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Commodity Aesthetics of Privacy Across Darknets

When distributed subjectivity is considered, consumption is an essential factor that determines our relationships to various innovations. Darknet users are prominently participating in the process of redesigning the consumption field, as is the world wide web which harbors various forms of darknets. A recently published paper claimed that darknet users represent examples of not only the de-massification of various internet audiences, but also the reshaping of mass consumer identity focused on darknet commodity aesthetics. The author of the paper argues that darknet privacy is not a reality, but rather a commodity aesthetics that is only perceived by their audience!

The consumption and redesign of the relationships of darknet users with commodity aesthetics reflect the recognition and estrangement of the reflexive awareness of user needs. Within the context of darknets, such needs branch through the user’s simplest curiosities, to political points of view, to our perception of illicit and illegal activities, all the way through to these activities themselves. The identification and alienation of the user’s needs resembles creating the identity qua the quasi-object which represents, in most cases, the user’s alienated identities. This process yields the capacity to identify the values across darknets as capital itself, such as the values that exist in the relationship with the capital materiality which is presented within the context of darknets. Given the diversity of users across darknets, the paper analyzed how various users create and recreate darknets, not only as a capital materiality, but also as a capital idea.

Basically speaking, the author’s analysis resisted the idea of exceptionalism and criminality presented by most media discussions of darknets. He justified his approach by that even though criminal behavior exists, the wider range of capital across darknets is centered on information provision, secure knowledge sharing and creation of economic value. To sum up, the author argued that representing the materialistic and non-materialistic aspects of darknet capital sets up a wild consumption zone which allows users to be reconstituted along with the awareness of a broader horizon.

Darknets and Relevant Conceptual Entities:

The author of the paper included darknets, dark webs and other similar peer-to-peer networks in his analysis. He presented them primarily in the form of constituted capital due to the fact that they are contiguous with our everyday life along with other forms of capital. Darknets include a unique group of things, ideas and practices that are different from what happens on the surface web.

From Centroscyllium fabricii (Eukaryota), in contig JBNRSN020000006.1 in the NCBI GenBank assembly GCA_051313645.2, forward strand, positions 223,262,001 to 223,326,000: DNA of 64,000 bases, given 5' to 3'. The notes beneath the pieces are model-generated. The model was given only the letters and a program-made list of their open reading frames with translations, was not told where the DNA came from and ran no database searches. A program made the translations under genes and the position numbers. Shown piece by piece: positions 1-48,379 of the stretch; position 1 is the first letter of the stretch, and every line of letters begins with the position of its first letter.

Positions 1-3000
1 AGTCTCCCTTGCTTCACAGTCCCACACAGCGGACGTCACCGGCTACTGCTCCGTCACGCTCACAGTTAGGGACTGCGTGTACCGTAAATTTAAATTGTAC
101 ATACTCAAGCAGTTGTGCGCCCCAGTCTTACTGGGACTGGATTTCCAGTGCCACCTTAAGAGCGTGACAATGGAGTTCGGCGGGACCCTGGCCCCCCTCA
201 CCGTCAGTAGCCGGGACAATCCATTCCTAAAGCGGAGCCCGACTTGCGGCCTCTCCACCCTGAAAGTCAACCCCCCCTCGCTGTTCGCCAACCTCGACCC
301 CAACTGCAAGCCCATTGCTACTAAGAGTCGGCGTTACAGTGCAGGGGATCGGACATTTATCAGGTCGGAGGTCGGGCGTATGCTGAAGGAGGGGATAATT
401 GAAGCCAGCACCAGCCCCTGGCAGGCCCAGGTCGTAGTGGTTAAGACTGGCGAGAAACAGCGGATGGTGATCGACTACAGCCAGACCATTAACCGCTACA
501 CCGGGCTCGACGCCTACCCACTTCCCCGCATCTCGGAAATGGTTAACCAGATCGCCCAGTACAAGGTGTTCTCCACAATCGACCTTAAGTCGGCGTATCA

Examples include Tor network, I2P network, Freenet and various forms of encrypted peer-to-peer networks. People use darknets for a myriad of reasons but mainly due to avoidance of surveillance, security, privacy and economic value, which all stem from the capitalized value and trust of users of these networks. The concept of perceived commoditized value represents a significant motivator across a capitalist society, but apart from that it is a rather complicated issue because the tension between possible failures vs. privacy can repel many users.

Privacy as Commodity Aesthetics On Darknets:

Representing privacy as commodity aesthetics across darknets is related to knowledge and resisting surveillance, in addition to more laborious endeavors. Darknets represent a part of the current global information system. No one can argue that they are vital parts of the system, due to the fact that they offer individuals the chance to choose whether to be the same as certain kinds of individuals, or to be different from other kinds of individuals. When making this choice, these individuals have chosen to consume “privacy”. Such choice will definitely expose them to various types of information that they might not want to get exposed to, or oppositely, they might expose information that they might not want to share with others. When privacy is consumed, users will have a sense of their subjectivity, their unique knowledge, and own skills and expertise. These subjectivity transformations are re-formulated in correlation with darknets. The various modes of existence of darknet subjectivities will greatly depend on their reformulated commodity aesthetics. Such aesthetics can be envisioned as true or natural privacy choices, yet again are also reshaping various darknet users. Even if darknet users behave illegally, throughout these online environments, they are still producing the darknet consummativities of that illegal activity.

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